Chaco Teton

The latest trend in footwear is to meld old and new-school desigs with a combination of attributes borrowed from different shoe formats. The Teton follows that ethos with a boot that looks like a 1980’s basketball shoe mated with a moccasin-toed work boot. On paper it sounds like a horrible idea, but on my feet they look, feel, and perform great.

The best part of any Chaco boot or shoe is hidden deep within—their uber comfortable LUVSEAT Polyurethane footbed. Perfectly sculpted and appropriately squishy without compromising support, the underfoot experience is reason enough to wear the Teton. I can walk in them all day and not get tired dogs.

For those of you who like clean and unfettered designs, the Teton is not overengineered. Made of high-quality materials like top-grain leather and waxed canvas, the overall quality is superb. Those natural layers eventually break in and form to the user’s feet, and the lowers gain patina with time giving them extra character. Some people are not wild about waterproof and breathable membranes and the Teton forgoes such a layer which helps bolster breathability and all-day comfort. A great boot for lightweight duty, it’s not a great hiker, but for those in search of a townie or travel boot, it’s the ticket. $150 www.chacos.com

Superfeet Ross 

I know many of you travel extensively and not just by way of a built-up overland vehicle. I spend countless hours in airports and shuttling between hotels. For those days I almost always wear my Superfeet Ross shoes. I doubt there is a better travel shoe available. If you have never worn Superfeet footbeds, something I’ve done daily for over 20 years, you’re really missing the boat.

Whereas most shoe makers build a high quality shoe then cram a cheap insole into it, the Ross was built around the brand’s famous footbed system. Without getting into the heady science of podiatry, the EVA and cork insole in the Ross is designed to carefully align your heel and in doing so helps support the rest of your foot for optimal biomechanics and long-term foot and skeletal health. As a cyclist, runner, and hiker, taking care of my body matters and it starts from the ground up.

For travel, the Ross shoes offer easy on/off and they are light as feathers. They look nice enough to wear into fancy hotels and restaurants and scrunch down small enough to fit in a travel bag. Maybe I’m getting old, but my days of wearing Vans are numbered. Sore feet make me cranky and the Superfeet Ross shoes are sublimely comfy, even while riding my skateboard to the mailbox every morning.  See, I’m not that old. $129 www.superfeet.com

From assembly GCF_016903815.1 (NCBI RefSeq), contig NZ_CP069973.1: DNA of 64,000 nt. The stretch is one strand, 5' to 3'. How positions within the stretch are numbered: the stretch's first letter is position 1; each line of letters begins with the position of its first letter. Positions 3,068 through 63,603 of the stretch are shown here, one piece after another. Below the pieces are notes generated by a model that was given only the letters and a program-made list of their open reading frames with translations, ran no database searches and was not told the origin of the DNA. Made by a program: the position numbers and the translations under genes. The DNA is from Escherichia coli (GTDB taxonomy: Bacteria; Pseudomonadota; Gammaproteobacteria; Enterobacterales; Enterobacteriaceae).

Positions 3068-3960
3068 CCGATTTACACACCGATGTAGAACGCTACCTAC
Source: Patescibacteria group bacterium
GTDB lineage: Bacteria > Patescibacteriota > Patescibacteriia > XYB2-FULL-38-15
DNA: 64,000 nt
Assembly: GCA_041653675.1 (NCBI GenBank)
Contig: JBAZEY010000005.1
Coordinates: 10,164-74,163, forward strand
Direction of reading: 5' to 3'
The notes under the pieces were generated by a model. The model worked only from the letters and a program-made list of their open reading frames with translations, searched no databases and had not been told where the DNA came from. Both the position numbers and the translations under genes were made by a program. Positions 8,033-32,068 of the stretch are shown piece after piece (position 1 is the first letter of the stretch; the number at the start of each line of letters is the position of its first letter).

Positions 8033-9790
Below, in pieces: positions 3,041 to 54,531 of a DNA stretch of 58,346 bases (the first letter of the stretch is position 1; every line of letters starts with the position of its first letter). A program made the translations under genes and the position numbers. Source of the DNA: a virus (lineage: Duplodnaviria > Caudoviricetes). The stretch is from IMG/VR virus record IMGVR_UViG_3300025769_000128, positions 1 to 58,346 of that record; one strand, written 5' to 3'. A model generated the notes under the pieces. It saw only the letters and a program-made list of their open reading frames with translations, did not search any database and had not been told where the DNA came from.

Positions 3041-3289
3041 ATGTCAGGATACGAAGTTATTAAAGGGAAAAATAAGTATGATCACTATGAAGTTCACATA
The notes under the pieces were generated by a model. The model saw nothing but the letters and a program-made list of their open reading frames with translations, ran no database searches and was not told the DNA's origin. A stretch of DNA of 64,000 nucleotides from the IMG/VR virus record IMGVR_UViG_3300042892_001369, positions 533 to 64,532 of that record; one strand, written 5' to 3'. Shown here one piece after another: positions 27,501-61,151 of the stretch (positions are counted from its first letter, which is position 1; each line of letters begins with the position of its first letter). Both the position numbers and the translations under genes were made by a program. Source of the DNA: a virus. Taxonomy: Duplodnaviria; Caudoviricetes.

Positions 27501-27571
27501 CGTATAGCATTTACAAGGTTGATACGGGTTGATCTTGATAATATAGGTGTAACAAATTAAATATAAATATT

Salewa Multi Track

Many of today’s overlanders always keep a pair of running shoes at the ready. Sitting in a truck all day is a great motivator to lace up a pair of Salewa Multi Tracks to blow off some steam. Designed as an all-purpose sport shoe, they certainly live up to their name. Stiff enough to use on bicycle pedals or running on singletrack trails, they’re also light, well-cushioned, and rugged.

Like all Salewa footwear, the Multi Track uses the latest technologies to reinforce lightweight upper fabrics to bolster support and durability. The lower edges of the mesh are impregnated with a stiffening material as is the area around the ankle. The EVA midsole is soft but not so much it degrades support and the Michelin outsole is sticky and tough. I’ve been a fan of Michelin’s outsoles since the early ’90s. It’s great stuff and the micro-lugs in the tread does great on a variety of surfaces.

Keeping weight to a minimum, the laces are thin and cinched tight with a quick-release lace lock. Over the course of the summer I found the uppers to be highly breathable and supple. On my first foray with the Multi Tracks, I laced them up and went for a 9-mile hike and came home with happy feet. $150 www.salewa.com

The wrap-up

For this year’s roundup, I tried to pick one shoe or boot from a new and upcoming category. I also wanted to highlight footwear worth wearing all day, every day. There were a few models not featured here which I felt deserved more attention and those reviews are in the works. In that list are Vasque Sundowners and Danner Jag light hikers, two boots which have been available for decades, but still win new fans every season.

Of the footwear listed above, all of them have been great. If I had to pick a favorite, and I did, it is the Danner Mountain 600 4.5. A true boot with a pinch of running shoe, it’s all adventure all the time. – CN

Christophe Noel is a journalist from Prescott, Arizona. Born into a family of backcountry enthusiasts, Christophe grew up backpacking the mountains and deserts of the American West. An avid cyclist and bikepacker, he also has a passion for motorcycles, travel, food and overlanding.